Special education is an area that requires being prioritized in the national and educational goals as a way to eliminate disparities between students with special needs and those without. However, the fact is that the shortage is acute and such understaffing is putting the academic life of students with special needs in jeopardy. Such a situation is so because, without enough teacher, these students will not be able to maximize their full potential in academics. Further, such a shortages impede necessary preparation of students to join colleges and universities. The reasons behind the shortages range from the high turnover in schools, a lot of work for special education teachers leading them to quit, low funding of special education incentives, low uptake in special education courses in higher learning as well as poor working conditions in areas where special needs are prevalent. As such, the special demands and training that a special education teacher requires to function well limit the number of available special education teachers in the US.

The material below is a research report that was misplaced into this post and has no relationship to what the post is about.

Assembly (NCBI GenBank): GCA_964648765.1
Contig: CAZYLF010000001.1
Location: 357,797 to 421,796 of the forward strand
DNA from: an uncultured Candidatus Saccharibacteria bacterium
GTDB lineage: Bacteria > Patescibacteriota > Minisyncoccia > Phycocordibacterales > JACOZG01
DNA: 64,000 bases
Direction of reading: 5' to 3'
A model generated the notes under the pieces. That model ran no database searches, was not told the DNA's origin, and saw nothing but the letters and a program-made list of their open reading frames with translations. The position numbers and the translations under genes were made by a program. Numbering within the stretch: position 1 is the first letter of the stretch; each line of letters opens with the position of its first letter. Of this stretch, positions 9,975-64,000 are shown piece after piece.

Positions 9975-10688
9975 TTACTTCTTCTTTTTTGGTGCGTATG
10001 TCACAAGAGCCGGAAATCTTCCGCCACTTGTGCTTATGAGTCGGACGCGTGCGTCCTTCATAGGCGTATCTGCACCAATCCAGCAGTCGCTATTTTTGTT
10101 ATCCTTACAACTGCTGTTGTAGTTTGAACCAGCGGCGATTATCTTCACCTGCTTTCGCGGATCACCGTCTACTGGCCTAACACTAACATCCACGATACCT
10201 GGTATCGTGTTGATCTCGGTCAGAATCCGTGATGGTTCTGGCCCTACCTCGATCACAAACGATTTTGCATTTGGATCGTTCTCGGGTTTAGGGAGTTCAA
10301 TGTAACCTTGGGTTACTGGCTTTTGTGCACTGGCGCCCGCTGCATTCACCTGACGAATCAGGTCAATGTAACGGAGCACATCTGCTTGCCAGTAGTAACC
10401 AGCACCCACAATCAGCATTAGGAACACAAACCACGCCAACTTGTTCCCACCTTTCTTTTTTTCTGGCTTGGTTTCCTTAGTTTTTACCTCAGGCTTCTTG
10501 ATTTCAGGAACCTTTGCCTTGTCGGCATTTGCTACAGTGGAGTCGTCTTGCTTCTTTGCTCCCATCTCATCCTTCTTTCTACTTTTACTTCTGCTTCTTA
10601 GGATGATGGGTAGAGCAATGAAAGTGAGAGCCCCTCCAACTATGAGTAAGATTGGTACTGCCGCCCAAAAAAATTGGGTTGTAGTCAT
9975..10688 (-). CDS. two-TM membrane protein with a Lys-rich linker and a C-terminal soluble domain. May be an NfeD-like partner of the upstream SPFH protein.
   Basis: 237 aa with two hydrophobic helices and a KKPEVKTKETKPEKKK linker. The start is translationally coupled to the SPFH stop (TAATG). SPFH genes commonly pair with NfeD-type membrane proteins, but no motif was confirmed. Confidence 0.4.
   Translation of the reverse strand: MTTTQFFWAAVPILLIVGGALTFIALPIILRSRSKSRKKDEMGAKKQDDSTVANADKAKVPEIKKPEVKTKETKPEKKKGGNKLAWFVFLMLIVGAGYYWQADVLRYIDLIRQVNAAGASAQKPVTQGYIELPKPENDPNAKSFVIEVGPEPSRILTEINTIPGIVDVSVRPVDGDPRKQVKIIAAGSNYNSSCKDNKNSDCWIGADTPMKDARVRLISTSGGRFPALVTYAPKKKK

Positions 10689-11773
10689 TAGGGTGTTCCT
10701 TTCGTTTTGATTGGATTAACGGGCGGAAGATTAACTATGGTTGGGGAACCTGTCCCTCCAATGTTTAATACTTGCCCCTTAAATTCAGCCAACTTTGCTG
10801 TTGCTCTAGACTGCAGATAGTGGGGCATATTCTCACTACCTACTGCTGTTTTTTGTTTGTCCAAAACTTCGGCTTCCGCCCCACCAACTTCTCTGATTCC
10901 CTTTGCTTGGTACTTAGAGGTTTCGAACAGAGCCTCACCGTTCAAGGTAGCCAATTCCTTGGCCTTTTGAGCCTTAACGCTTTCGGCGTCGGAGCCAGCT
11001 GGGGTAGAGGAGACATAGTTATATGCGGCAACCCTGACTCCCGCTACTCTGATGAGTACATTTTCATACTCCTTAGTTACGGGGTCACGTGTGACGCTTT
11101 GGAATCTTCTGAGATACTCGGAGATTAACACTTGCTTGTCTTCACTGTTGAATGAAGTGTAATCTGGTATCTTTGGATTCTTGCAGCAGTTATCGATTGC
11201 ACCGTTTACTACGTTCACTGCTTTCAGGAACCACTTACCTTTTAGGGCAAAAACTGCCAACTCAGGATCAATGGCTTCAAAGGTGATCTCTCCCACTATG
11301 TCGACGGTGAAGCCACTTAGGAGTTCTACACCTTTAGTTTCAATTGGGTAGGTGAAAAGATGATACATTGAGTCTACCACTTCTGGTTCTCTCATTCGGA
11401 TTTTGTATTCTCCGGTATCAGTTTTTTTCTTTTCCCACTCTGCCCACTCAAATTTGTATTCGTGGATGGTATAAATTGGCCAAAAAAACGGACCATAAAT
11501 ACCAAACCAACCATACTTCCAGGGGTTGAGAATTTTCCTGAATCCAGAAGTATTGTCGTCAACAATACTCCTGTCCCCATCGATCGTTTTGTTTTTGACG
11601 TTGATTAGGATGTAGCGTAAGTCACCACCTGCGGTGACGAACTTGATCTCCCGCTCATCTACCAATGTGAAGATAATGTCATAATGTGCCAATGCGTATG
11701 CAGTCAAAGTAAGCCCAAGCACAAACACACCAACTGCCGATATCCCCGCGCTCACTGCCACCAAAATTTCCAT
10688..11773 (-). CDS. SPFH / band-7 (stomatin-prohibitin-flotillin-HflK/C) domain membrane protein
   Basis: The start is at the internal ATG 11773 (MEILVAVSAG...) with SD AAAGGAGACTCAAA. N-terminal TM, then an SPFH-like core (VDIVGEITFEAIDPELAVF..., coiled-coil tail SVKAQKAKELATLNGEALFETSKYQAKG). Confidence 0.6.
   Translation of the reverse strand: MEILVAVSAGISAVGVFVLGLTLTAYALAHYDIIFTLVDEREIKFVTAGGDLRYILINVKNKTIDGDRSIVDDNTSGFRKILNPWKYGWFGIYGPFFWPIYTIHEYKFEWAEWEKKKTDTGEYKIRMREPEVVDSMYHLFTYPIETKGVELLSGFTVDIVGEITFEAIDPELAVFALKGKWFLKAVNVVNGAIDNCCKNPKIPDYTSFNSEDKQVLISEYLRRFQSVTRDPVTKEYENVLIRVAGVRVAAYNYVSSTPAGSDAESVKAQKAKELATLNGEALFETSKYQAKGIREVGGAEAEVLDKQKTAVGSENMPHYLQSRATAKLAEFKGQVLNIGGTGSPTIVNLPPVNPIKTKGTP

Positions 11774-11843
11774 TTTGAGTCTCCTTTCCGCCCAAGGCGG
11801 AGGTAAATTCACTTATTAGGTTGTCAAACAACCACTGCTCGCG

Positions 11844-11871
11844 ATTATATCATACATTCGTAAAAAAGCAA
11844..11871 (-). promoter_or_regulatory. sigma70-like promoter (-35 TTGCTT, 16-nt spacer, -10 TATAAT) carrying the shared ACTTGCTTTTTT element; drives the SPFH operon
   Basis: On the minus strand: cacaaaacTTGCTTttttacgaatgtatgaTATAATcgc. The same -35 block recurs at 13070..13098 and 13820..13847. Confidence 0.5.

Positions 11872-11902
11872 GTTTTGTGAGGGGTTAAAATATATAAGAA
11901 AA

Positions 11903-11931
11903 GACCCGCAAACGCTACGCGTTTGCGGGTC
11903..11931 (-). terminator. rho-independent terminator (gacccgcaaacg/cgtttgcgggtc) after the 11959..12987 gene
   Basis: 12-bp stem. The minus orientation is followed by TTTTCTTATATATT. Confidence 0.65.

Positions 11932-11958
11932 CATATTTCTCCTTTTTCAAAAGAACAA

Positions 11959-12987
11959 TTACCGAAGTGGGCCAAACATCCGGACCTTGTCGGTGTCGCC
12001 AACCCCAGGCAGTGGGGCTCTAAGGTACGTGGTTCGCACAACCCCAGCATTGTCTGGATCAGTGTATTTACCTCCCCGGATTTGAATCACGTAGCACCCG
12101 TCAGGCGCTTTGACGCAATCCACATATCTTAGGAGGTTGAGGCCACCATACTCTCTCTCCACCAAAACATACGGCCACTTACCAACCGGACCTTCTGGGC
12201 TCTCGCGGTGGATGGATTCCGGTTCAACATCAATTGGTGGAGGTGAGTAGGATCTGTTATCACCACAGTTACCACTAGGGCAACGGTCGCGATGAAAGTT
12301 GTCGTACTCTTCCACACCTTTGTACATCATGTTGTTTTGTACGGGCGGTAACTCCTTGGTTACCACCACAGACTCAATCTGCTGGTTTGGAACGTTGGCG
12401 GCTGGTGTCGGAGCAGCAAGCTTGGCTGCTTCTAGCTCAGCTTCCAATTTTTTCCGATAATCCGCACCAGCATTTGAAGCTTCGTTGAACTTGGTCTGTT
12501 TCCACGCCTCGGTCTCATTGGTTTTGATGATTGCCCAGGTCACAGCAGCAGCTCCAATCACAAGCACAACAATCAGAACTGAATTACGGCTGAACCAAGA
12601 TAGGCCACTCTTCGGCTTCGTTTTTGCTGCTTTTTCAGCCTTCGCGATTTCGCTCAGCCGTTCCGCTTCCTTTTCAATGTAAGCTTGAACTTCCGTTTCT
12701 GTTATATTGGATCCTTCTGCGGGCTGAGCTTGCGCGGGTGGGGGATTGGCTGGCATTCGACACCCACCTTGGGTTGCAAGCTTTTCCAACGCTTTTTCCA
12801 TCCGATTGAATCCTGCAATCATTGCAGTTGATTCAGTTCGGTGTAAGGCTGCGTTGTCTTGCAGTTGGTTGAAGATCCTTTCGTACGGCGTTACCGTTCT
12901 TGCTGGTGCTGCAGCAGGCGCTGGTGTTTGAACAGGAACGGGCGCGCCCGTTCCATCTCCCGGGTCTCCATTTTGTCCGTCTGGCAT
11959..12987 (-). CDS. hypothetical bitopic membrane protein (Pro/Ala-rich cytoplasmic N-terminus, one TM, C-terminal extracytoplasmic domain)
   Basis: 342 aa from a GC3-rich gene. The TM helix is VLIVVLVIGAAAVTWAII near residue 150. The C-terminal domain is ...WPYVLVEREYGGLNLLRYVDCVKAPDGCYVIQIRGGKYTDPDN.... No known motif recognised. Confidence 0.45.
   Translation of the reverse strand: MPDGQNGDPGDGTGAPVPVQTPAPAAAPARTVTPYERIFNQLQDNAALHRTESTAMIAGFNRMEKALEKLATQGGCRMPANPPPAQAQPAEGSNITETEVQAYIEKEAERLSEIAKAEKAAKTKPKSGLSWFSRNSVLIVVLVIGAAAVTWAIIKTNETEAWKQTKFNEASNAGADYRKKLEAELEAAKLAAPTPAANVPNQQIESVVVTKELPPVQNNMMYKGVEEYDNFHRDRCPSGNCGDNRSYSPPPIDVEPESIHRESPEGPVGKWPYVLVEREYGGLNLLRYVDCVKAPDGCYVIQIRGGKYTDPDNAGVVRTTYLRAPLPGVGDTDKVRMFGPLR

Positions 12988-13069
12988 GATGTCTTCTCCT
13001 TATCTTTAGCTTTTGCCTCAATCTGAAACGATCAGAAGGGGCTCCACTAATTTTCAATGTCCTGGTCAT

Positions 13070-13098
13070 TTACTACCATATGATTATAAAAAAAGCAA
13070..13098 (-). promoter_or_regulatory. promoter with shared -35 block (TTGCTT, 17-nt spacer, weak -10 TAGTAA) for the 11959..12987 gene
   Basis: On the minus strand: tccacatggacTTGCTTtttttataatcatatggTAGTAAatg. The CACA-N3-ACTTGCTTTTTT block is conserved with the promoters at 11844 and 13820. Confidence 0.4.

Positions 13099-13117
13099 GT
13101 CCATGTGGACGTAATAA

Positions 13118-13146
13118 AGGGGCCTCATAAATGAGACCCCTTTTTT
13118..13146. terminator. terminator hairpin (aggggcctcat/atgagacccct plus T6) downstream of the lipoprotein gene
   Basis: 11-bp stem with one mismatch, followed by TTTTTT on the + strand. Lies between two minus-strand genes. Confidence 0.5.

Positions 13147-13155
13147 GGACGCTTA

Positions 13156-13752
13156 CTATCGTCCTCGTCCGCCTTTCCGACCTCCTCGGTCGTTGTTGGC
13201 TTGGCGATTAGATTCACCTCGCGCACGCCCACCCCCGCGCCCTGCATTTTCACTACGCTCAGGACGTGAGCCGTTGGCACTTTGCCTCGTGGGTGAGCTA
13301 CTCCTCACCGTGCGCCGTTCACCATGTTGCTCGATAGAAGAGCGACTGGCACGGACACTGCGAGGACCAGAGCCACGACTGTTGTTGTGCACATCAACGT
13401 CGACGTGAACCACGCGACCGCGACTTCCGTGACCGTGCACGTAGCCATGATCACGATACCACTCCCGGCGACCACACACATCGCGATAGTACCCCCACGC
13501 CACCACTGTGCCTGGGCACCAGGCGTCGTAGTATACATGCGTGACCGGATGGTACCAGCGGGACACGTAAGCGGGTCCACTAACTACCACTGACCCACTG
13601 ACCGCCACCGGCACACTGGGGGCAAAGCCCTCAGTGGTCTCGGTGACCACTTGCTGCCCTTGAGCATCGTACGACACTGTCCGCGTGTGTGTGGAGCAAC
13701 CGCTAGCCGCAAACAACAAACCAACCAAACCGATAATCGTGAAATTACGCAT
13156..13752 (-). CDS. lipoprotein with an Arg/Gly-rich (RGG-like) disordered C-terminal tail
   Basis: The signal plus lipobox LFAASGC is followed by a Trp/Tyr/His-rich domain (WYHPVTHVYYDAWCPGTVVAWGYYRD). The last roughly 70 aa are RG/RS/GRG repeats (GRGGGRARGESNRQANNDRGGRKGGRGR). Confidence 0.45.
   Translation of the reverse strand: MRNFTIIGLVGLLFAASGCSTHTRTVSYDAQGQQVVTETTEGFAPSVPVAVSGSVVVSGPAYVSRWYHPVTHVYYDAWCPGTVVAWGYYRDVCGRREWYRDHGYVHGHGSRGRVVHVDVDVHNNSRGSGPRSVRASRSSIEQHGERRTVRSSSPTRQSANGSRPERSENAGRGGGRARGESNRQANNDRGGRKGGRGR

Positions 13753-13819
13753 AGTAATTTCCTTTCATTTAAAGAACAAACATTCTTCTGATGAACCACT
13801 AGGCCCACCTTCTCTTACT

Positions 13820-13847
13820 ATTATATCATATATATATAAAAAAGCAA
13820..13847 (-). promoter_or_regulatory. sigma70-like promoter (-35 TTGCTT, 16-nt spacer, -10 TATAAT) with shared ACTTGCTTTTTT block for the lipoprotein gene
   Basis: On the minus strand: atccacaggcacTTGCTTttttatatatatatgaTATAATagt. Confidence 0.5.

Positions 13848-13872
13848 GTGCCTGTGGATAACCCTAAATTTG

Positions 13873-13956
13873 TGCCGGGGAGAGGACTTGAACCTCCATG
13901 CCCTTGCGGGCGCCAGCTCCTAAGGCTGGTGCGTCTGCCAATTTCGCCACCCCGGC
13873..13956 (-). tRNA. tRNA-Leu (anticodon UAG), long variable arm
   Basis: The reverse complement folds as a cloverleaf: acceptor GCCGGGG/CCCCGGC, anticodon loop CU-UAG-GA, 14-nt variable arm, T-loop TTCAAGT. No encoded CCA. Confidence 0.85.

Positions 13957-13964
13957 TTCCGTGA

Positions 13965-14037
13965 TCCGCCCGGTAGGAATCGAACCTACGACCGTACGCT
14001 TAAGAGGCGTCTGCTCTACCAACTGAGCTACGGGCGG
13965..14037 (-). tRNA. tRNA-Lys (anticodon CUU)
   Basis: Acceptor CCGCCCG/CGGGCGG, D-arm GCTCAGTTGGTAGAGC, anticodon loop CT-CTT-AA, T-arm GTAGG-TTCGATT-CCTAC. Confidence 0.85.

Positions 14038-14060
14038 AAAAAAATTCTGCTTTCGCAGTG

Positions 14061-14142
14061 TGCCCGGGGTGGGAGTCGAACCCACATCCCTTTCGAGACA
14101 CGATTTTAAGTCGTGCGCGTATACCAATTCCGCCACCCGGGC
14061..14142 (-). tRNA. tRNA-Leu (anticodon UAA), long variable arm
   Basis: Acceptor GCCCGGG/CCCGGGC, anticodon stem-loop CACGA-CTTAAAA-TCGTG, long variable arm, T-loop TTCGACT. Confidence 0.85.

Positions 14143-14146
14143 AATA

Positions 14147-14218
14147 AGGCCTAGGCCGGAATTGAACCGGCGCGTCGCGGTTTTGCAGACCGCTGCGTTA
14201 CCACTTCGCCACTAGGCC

Poor working conditions discourage many from desiring to take up the course of special education. Unlike the typical classroom sessions, students with special needs will require specialized care, more nurturing and employ a lot of patience to ensure that the learning process brings about the desired outcome (Bjorn, Aro, Koponen, Fuchs, Fuchs 2016). However, when teachers in this area experience professional isolation from the other teachers and their work not rewarded accordingly, they may choose to take up the mainstream teaching. Sometimes the workloads are unmanageable because of the already national shortage of teachers. As such the teachers already may opt to seek other ways of getting income that is manageable which leads to high turnovers as suggested by Boe (2014). Special education teachers should have a small teacher to student ratio to be able to give the attention that the students demand. However, when instead of small classes it is more work, then is becomes difficult to remain in the profession sustainably.
Additionally, the shortage of special education tutors can be attributable to the unwillingness of the graduates and professionals to work where the special needs students are found (Peacock Hill Working group, 2017). Unlike in the regular school set up where students can travel from place to place, the special needs students are distributed throughout the country in all regions including among the marginalized communities. Trained teachers are unwilling to live in crime-prone areas of areas of low-income levels. Most young graduates mainly are preferring to live in the cities and predictable areas as opposed to working in rural communities where the special needs students are found.